inventory, only 22 have been upgraded to the more advanced GS
version (equipped with armor and electronic warfare) with an
additional six helicopters to be similarly upgraded next
year. Only by 2014 will an additional 40 CH-53s be upgraded
to the GA version, with improved avionics but no additional
armor. The Bundeswehr has ordered 80 armored Tiger
helicopters from EADS Eurokopter, but they will be equipped
with the PARS-3 anti-tank missile system, which makes them
less than ideal for the counterinsurgency mission in
Afghanistan. Moreover, the Tiger's delivery has been delayed
an indeterminate amount of time due to problems with the
accompanying radar.

5. (SBU) The Bundeswehr recognizes the problems surrounding
communications, but still lacks a unified system for the
various services. Currently, the Army,s communication
system cannot be integrated with the communication systems of
other military branches. Additionally, conscription may
serve as an growing obstacle to Bundeswehr transformation,
given that conscripted soldiers are not allowed to be
deployed for missions abroad, unless they volunteer to do so.
Although the MOD's official line is that there is "no
problem" squaring the older system of conscription with
Bundeswehr transformation, some Bundeswehr officers openly
argue that moving to an all-volunteer force would give
Germany a much more efficient and effective military

BERLIN 00001471 002.2 OF 002


structure and enable it to deploy units abroad much more
easily, in contrast to the current system of putting together
ad hoc forces to serve on international missions. Moreover,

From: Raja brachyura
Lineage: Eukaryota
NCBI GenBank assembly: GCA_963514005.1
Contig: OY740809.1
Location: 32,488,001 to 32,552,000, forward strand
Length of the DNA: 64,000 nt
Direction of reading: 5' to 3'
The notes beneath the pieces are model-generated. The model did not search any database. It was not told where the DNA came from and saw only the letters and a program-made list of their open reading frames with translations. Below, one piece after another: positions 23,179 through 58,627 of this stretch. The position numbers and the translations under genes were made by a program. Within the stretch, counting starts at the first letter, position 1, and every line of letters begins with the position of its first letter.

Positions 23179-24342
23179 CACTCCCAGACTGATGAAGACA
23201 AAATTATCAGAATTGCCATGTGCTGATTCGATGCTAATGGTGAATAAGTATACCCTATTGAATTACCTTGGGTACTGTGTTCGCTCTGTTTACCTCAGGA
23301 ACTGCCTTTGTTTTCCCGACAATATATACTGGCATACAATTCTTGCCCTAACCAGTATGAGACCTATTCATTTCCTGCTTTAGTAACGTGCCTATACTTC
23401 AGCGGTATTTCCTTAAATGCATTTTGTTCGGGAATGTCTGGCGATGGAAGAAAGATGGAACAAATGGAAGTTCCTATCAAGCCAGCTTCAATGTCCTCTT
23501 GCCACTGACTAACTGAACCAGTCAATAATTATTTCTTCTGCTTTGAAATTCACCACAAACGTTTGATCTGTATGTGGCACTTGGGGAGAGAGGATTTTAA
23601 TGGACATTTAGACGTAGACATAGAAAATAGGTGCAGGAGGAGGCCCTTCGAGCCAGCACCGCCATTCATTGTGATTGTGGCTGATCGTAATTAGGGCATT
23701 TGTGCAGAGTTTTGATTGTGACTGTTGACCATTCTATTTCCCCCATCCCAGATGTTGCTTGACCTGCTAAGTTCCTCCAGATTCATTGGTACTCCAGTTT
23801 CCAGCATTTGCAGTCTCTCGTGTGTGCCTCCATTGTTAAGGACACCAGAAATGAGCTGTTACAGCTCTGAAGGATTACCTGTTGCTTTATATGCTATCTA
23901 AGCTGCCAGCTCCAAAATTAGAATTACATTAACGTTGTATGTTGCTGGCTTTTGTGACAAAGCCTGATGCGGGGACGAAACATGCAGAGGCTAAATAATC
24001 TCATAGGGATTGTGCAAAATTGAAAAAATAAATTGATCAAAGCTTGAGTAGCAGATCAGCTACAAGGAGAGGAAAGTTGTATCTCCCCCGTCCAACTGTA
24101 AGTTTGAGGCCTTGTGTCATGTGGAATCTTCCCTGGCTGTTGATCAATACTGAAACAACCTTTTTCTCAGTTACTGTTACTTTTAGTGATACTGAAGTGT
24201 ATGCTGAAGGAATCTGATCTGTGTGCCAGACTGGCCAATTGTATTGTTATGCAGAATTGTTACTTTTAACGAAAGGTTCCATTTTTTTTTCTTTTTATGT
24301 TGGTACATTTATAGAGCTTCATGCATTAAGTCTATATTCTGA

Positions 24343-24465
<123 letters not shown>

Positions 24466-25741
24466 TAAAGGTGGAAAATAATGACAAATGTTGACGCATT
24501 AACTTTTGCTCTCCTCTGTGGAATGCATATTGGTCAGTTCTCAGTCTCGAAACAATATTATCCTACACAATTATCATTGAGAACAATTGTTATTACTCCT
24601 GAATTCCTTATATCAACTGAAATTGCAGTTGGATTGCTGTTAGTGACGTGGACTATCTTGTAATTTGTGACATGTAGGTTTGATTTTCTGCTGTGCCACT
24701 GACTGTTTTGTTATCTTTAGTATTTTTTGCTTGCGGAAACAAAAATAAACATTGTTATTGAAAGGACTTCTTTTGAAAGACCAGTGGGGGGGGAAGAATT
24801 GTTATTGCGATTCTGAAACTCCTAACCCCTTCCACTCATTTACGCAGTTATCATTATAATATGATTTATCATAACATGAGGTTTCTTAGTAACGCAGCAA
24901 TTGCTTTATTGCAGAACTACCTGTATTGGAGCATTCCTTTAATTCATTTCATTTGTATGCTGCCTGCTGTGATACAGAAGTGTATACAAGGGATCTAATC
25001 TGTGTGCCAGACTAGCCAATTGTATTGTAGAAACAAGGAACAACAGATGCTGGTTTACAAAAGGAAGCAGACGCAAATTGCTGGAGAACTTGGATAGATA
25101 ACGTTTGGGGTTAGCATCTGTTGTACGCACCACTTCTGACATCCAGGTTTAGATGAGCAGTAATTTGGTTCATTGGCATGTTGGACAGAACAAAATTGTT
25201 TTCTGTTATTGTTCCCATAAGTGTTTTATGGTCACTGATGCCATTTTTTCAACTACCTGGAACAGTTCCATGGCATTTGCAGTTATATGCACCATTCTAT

the new coalition government's pledge to decrease mandatory
service from nine months to just six calls into question
whether a conscripted soldier will be able to perform any
meaningful military tasks during the mandatory service
period.

LOOKING AHEAD

6. (SBU) The financial crisis likely will impact the MOD
budget in the near future. Many experts expect the overall
federal budget, and the defense budget in particular, to be
affected by the current budget deficit of 86 billion euros.
While it remains unclear whether this would be all covered by
spending cuts, the MOD's 31 billion Euro budget -- Germany's
third largest budget item -- is a likely to be trimmed or at
least face a stagnant future. Germany already spends just
1.3 percent of its GDP on defense, far below the NATO goal of
2 percent. The unlikelihood of budget increases may cause
the new defense minister to view the Bundeswehr,s current
configuration of manpower and equipment as unsustainable,
forcing a significant trimming of the military,s structure,
according to SWP analyst Lange. Moreover, the MOD already
has allocated the procurement budget until 2015 on large
ticket items like the Puma infantry fighting vehicle, the
Boxer armored transport vehicle, and the A400M, limiting
future discretion in procurement. On top of that, Lange
reports that the Bundeswehr remains behind schedule in its
attempt to reduce its civilian work force to 75,000 employees
by 2010.

7. (SBU) The Bundeswehr still faces bureaucratic
inefficiencies, which have become more apparent following the
Balkan and Afghan deployments. The Afghanistan experience
especially, according to Von Roeder, has shown that the
Bundeswehr,s distinction among stabilization forces
(70,000), support (147,500) and combat forces (35,000) is no
longer applicable. This argument likely will continue to
have traction with the new government as the CDU/CSU already
identifies the combat-support distinction as a potentially
outdated concept. Former CDU/CSU Defense Policy Spokesman
Bernd Siebert expects the new government to reassess which
capabilities/services the Bundeswehr actually needs and
whether some services could be provided in a better way by
other government agencies or "non-state partners."
MURPHY